It looks like you're using an Ad Blocker.

Please white-list or disable AboveTopSecret.com in your ad-blocking tool.

Thank you.

 

Some features of ATS will be disabled while you continue to use an ad-blocker.

 

Tort Reform Reduces Federal Deficit, Congressional Analysts Say

page: 3
4
<< 1  2    4 >>

log in

join
share:

posted on Oct, 11 2009 @ 04:29 PM
link   
reply to post by mental modulator
 


From Source:


Medical malpractice reform would reduce the annual federal deficit, saving the government $54 billion over 10 years, according to an analysis by the Congressional Budget Office.


Yet you keep saying:



It is $20 a year (cost of present system?), $1.66 a month


IMHO that is your propaganda and no where near the real cost when you figure in "defensive medicine" costs! Look at Jenna's example, look at my example. That is what happens day after day in the clinics, in the hospitals!




posted on Oct, 11 2009 @ 04:45 PM
link   

Originally posted by plumranch
reply to post by mental modulator
 





People are out in the streets about taxes etc now... What until someone proposes the first estimate at a human life , I could see the commercials now, that person would be ejected half way to the moon following the media blitz.


FYO, all but 15 states ALREADY HAVE limits on malpractice rewards. When Texas adopted limits, doctors fled to Texas (to avoid excessive malpractice insurance premiums elsewhere)!

I simply propose that Congress apply lower limits across the board. If the states want to be more restrictive they can.

Again, what do you propose instead of lower liability limits?


Well what is the goal???

save less than two bucks per policy per month?

BTW I have never gotten any tests or any of the things you cited. Two separate doctors made my dad walk out of their offices with a brain tumor the size of a grapefruit in his head. My mother walked around with a broken shoulder for two months after visiting the ER 4 times... For one it made my fathers illness much worse and two, my mom almost lost her job because she could not sleep from the pain of multiple fractures and incompetent doctoring.

That is SIX misdiagnosis's in EIGHT visits Plum, 4 to 1 failure in basic due diligence. Both cases clearly warranted more testing, both cases there was a failure of the system.
Zero legal action taken, but plenty of consequence for the full paying policy holders impacted.

Once again the proposed savings is not a huge amount or much of an amount at all , extrapolated, this means that your premiums are NOT being hyper inflated by litigation.

I really think you guys are advocating government interference, the constitution it self is based on common law and TORT. Not to mention that this is a further stripping of individual rights in its access to the courts system which the lobbyist will ensure.

Just seems very contrary to conservative ideology on social issues, having the federal government leverage in such a way on a thing the impacts the Individual on the other side.

Provided you recognize less than $2 a month is not much of a savings, why are you an advocate of this, personally?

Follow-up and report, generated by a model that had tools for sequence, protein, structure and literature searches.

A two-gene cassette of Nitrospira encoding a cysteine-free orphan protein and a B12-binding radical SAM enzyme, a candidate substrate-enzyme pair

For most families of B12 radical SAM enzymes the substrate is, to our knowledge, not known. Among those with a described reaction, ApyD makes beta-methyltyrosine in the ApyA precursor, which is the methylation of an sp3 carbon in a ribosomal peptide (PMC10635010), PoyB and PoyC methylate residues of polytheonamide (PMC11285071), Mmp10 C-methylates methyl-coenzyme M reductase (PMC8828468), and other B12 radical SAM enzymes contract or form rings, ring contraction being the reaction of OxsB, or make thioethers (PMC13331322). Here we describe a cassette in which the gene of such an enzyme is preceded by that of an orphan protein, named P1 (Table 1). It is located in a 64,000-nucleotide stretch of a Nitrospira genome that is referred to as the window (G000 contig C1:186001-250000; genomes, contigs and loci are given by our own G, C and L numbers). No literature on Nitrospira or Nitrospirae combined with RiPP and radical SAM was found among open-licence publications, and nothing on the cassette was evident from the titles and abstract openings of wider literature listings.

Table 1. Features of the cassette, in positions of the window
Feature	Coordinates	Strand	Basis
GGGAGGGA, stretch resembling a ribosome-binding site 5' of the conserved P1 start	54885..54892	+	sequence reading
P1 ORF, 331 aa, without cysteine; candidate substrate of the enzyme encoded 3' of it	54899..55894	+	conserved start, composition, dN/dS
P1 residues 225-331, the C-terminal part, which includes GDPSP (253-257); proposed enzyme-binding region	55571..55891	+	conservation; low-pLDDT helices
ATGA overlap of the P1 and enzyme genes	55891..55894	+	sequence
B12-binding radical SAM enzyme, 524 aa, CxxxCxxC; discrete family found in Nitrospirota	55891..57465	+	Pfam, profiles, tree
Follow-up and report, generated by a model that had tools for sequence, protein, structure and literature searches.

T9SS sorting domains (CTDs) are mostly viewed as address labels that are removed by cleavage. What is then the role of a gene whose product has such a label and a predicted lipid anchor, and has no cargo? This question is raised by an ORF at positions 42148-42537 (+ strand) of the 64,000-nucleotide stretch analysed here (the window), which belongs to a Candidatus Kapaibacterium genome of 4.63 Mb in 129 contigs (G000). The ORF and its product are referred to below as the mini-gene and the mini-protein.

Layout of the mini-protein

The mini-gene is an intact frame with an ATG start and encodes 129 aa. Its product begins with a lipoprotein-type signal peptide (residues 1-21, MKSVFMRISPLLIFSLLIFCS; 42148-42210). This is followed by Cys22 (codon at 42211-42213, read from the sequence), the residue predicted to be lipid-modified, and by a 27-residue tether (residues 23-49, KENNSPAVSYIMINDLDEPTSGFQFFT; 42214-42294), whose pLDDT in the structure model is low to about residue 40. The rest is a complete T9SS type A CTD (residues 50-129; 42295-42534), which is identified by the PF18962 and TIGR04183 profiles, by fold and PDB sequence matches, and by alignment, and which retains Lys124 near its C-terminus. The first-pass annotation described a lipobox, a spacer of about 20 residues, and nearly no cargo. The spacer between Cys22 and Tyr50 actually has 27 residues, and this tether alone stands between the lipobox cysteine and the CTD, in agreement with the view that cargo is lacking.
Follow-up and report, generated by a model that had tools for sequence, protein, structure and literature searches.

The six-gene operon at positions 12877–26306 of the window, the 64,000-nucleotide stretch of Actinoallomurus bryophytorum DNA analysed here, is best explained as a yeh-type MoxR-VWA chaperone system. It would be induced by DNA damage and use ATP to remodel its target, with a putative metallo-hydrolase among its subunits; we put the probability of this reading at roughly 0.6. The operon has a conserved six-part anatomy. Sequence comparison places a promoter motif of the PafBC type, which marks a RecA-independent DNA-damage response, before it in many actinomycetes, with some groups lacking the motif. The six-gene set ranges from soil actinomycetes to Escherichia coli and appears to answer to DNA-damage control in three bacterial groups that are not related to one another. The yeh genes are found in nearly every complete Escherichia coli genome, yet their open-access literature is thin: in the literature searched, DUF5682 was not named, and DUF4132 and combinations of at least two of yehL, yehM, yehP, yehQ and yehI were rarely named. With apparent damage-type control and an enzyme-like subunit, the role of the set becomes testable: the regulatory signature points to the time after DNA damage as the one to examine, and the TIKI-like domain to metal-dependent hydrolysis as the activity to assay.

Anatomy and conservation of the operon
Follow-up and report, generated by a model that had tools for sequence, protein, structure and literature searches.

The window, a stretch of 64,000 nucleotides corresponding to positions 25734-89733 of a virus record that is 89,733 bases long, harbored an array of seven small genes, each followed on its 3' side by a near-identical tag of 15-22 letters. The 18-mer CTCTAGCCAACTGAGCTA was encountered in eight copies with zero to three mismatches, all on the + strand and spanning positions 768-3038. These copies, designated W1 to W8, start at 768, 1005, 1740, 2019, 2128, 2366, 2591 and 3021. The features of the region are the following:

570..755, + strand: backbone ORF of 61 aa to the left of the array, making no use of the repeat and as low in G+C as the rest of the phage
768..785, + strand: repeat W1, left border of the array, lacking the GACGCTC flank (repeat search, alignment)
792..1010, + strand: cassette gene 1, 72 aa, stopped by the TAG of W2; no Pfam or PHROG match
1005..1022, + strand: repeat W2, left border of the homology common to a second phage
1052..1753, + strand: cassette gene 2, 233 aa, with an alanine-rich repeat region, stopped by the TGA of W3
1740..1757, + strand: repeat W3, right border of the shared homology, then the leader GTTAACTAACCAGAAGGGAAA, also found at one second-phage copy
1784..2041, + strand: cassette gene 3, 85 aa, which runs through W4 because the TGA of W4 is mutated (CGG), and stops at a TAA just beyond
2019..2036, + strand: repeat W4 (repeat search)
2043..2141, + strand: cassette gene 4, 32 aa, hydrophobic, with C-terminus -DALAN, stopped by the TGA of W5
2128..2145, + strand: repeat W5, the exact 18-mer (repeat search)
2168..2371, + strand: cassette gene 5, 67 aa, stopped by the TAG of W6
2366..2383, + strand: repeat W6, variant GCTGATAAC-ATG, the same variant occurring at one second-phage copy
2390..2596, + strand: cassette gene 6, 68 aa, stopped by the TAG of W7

posted on Oct, 11 2009 @ 05:14 PM
link   

Originally posted by plumranch
reply to post by mental modulator
 


From Source:


Medical malpractice reform would reduce the annual federal deficit, saving the government $54 billion over 10 years, according to an analysis by the Congressional Budget Office.


Yet you keep saying:



It is $20 a year (cost of present system?), $1.66 a month


IMHO that is your propaganda and no where near the real cost when you figure in "defensive medicine" costs! Look at Jenna's example, look at my example. That is what happens day after day in the clinics, in the hospitals!



Propaganda


well I would call it mathematics -

did it my self

www.google.com...

54 billion (savings PER YOUR OP)

divided by 290,000,000 (insured Americans)

divided by ten year ( PER YOUR OP and Budget estimates)

divided by twelve months in a year

with that number total being assigned to each person insured

=

Get ready

$1.86

A DOLLAR AND EIGHTY SIX -

Lets increase that number ten fold shall we?

$18.60 cents saved in a month, per person insured

But the budget office did not say it would 540 billion over ten years though, unfortunately.



You guys are making up antic-dotes to bolster your arguments -

Two test, a colonoscopy and a breathing treatment for a stomach ache...
which is a very funny, unrealistic

My REAL examples



1 alzheimer patient (granny)

1 stag 4 g blastoma patent (father)

and 1 two story fall onto concrete (mother)

I took care of all three on them my man,
Two died one survived - I had to fight to get new oxygen tanks, a catheters, anti biotics, pain medication, refills, chemo, IV's, morphine for the death bed, the death bed itself and even simple eval visits.

You guys sound like two generals discussing a pitched battle from half a world away
founded upon the basic assumption that things are cotton candy text book out there,
but they are not.

the number stands as updated per your Evidence @ $1.86 a month savings

I do not want this to get worse for people because big health can buy their way out of proper care by paying a cap off the bat.





[edit on 11-10-2009 by mental modulator]

[edit on 11-10-2009 by mental modulator]

[edit on 11-10-2009 by mental modulator]



posted on Oct, 11 2009 @ 06:07 PM
link   

Originally posted by mental modulator
54 billion (savings PER YOUR OP)

divided by 290,000,000 (insured Americans)

divided by ten year ( PER YOUR OP and Budget estimates)

divided by twelve months in a year

with that number total being assigned to each person insured

=

Get ready

$1.86


And here's where the problem lies, and where your argument falls apart. That $54 billion isn't savings on premiums, had I realized that's where you were getting your figures from sooner I'd have already pointed this out, it is a projected decrease in the deficit.

CBO estimate on Tort Reform